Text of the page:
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Facts about Perugia, the Beautiful City in Italy

Updated on April 13, 2014
Piazza IV Novembre
Piazza IV Novembre | Source

Perugia is a picturesque city centrally located on the Italian peninsula between Rome, to the southwest, and Florence, to the northwest. It is the largest city and capital of the Umbrian region. The historical commercial center of Perugia rises on a hilltop approximately 1,640 feet (500 meters) above sea level overlooking the Tiber Valley. Perugia has a population of 167,418 (2010)

Today the city is an important center of regional government, industry (clothing, furniture, chocolates, and pasta), tourism, education, and music. The history of Perugia is particularly rich with notable chapters from the classical, medieval, Renaissance, and modern periods.

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Although the classical literature refers to the site of Perugia as a village founded by the Sarsinati Umbrians during prehistory, archaeological evidence suggests that the Etruscans, the most robust of native Italic people, dominated the region as early as the 7th–6th century B.C. As a stronghold of Etruscan civilization, the militaristic personality of the populace served as a distinguished rival to Rome until 140 B.C., when the city was sacked and burned. Perugia did not surrender completely for another 100 years, at which time it was rebuilt by Octavius and renamed Augusta Perusia. Numerous surviving monuments, such as the enormous 3d-century-B.C. Etruscan arch, called the Porta Augusta, and a myriad of artifacts unearthed in local tombs, have contributed greatly to modern understanding of the classical epoch.

Church of San Michele Arcangelo
Church of San Michele Arcangelo | Source

Medieval Perugia is arguably the historical period most discernible in the physical, spiritual, and intellectual fabric of the city. An organized diocese was established in the 5th century, and throughout the next thousand years the region of Umbria fostered unprecedented Christian thought and action, of which the figures of St. Francis of Assisi and St. Benedict were the greatest exponents. Secular life was transformed by the advent of communal government in the 11th century. Both religion and government delivered order through doctrine.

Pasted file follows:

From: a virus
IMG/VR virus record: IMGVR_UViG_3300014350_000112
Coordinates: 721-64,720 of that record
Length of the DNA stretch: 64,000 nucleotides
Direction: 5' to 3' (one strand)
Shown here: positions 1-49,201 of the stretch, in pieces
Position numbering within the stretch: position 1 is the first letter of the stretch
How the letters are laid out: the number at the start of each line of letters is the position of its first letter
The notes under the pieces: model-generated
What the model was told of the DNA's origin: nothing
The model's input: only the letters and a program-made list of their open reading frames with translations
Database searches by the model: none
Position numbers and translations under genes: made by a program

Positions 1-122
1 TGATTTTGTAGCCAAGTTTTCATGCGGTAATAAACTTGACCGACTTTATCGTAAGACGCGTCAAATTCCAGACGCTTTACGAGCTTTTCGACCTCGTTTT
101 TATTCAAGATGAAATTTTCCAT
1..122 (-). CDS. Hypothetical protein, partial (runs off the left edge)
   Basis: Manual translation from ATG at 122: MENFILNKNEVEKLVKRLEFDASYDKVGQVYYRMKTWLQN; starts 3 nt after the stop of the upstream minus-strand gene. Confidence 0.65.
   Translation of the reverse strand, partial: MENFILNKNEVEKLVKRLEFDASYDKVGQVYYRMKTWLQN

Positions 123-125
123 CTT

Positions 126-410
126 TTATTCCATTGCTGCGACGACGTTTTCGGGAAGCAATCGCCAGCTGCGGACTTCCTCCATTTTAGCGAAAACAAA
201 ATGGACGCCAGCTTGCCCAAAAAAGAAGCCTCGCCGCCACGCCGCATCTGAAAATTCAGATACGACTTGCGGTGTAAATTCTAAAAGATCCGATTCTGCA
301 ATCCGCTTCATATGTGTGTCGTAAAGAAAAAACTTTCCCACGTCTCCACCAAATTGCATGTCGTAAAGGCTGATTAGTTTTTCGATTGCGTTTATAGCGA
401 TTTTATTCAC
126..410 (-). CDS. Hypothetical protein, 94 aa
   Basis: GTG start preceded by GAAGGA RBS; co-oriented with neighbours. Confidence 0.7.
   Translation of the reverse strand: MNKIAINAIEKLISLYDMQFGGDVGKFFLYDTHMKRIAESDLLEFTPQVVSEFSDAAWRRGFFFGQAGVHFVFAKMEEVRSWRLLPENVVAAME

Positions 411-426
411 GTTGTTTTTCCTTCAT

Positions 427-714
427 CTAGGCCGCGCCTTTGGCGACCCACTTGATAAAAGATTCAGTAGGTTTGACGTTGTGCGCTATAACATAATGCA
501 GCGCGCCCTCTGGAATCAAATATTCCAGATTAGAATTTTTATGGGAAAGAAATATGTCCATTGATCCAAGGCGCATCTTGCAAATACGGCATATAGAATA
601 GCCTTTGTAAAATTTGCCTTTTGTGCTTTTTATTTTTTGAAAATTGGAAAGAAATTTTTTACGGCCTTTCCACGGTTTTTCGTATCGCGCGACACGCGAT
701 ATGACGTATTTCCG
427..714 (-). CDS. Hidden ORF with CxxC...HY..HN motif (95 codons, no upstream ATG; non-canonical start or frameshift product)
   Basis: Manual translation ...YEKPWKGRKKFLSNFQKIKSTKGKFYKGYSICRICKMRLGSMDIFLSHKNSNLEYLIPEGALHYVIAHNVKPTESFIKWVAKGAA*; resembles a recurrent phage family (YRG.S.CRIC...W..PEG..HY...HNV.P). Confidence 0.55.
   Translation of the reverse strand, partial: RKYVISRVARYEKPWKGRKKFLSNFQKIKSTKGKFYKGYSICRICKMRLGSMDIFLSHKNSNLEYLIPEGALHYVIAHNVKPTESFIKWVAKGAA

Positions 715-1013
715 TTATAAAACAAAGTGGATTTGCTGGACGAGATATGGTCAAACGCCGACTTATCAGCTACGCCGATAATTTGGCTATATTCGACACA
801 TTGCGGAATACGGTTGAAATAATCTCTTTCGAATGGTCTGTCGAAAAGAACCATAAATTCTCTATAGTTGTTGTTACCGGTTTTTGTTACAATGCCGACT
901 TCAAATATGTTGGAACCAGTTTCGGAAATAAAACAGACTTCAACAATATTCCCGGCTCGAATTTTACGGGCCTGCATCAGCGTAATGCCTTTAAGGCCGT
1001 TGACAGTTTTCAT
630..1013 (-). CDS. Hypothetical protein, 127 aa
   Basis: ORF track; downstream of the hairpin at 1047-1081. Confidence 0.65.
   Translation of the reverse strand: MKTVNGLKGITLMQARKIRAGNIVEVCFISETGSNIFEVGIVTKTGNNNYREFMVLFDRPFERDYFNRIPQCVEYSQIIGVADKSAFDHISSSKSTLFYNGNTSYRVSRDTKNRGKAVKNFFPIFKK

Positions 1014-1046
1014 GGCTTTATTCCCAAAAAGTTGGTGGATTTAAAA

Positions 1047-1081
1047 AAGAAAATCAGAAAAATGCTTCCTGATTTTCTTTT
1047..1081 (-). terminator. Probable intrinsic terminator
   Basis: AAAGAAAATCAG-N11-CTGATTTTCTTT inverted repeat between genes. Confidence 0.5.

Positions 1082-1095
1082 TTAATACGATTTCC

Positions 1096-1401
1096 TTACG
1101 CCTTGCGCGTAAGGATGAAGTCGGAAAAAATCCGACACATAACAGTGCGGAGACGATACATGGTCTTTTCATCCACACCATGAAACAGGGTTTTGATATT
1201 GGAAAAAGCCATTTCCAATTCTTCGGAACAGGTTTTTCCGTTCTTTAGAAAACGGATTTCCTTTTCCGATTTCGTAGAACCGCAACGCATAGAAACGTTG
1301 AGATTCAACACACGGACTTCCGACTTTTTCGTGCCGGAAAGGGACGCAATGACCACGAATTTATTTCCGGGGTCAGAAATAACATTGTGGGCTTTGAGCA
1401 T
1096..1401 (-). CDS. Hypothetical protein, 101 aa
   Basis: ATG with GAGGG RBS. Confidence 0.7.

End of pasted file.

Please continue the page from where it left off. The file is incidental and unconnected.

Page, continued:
A secure financial base gave rise to many impressive churches (including Sant'Agostino, San Domenico, and the cathedral of San Lorenzo) and public buildings (Palazzo dei Priori) during the 13th and 14th centuries. At the heart of the city, between the cathedral and the town hall, the sculptors Nicola and Giovanni Pisano created the multitiered Fontana Maggiore, or Grand Fountain, one of the most important examples of Italian Gothic sculpture. However, the greatest architectural achievement of the age came in 1308, when the University of Perugia was founded by Pope Clement V.

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The political and economic growth of Perugia climaxed in the 14th century with periods of conflict between rival families and social strata that continued over the next 200 years. Some stability came to the city early in the 15th century under the force of Braccio Fortebraccio (died 1424) and, later, under the tyrannical Baglioni family. At this time the intellectual life of the community continued to expand around the university, and the ideals of the Florentine-bred Renaissance were embraced. The two major guilds of bankers and merchants were fairly assertive throughout the period. Major additions to the Palazzo dei Priori were made, and an important school of painting emerged with the careers of Benedetto Bonfigli (c. 1410–1496), Fiorenzo di Lorenzo (c. 1440–c. 1525), and, most significantly, Perugino (c. 1450–1523). Although Perugino's paintings attracted patrons, students, and followers across the Italian peninsula and Europe, many of his most important works were created for and remain in Perugia, notably in the Collegio del Cambio and the Galleria Nazionale dell'Umbria.

Papal control of the city came in 1540, when Pope Paul III ousted the Baglioni family, destroyed its properties, and erected the enormous fortress, the Rocca Paolina (designed by Antonio da Sangallo). Under papal domination the city of Perugia fell into an economic and cultural malaise that endured for more than 300 years. In 1860 the city was liberated and became a part of the Kingdom of Italy. Growth in agricultural industries and business encouraged a stable middle class; consequently, Perugia witnessed numerous architectural renovations, building projects, and housing developments sensitive to the medieval and Renaissance core of the city.

Since World War II Perugia has emerged as a stable economic force nationally. Its products and hospitality are recognized internationally, and its world-renowned jazz festival (held every July), celebrated museums, and University for Foreigners contribute greatly to the city's cosmopolitan flavor.

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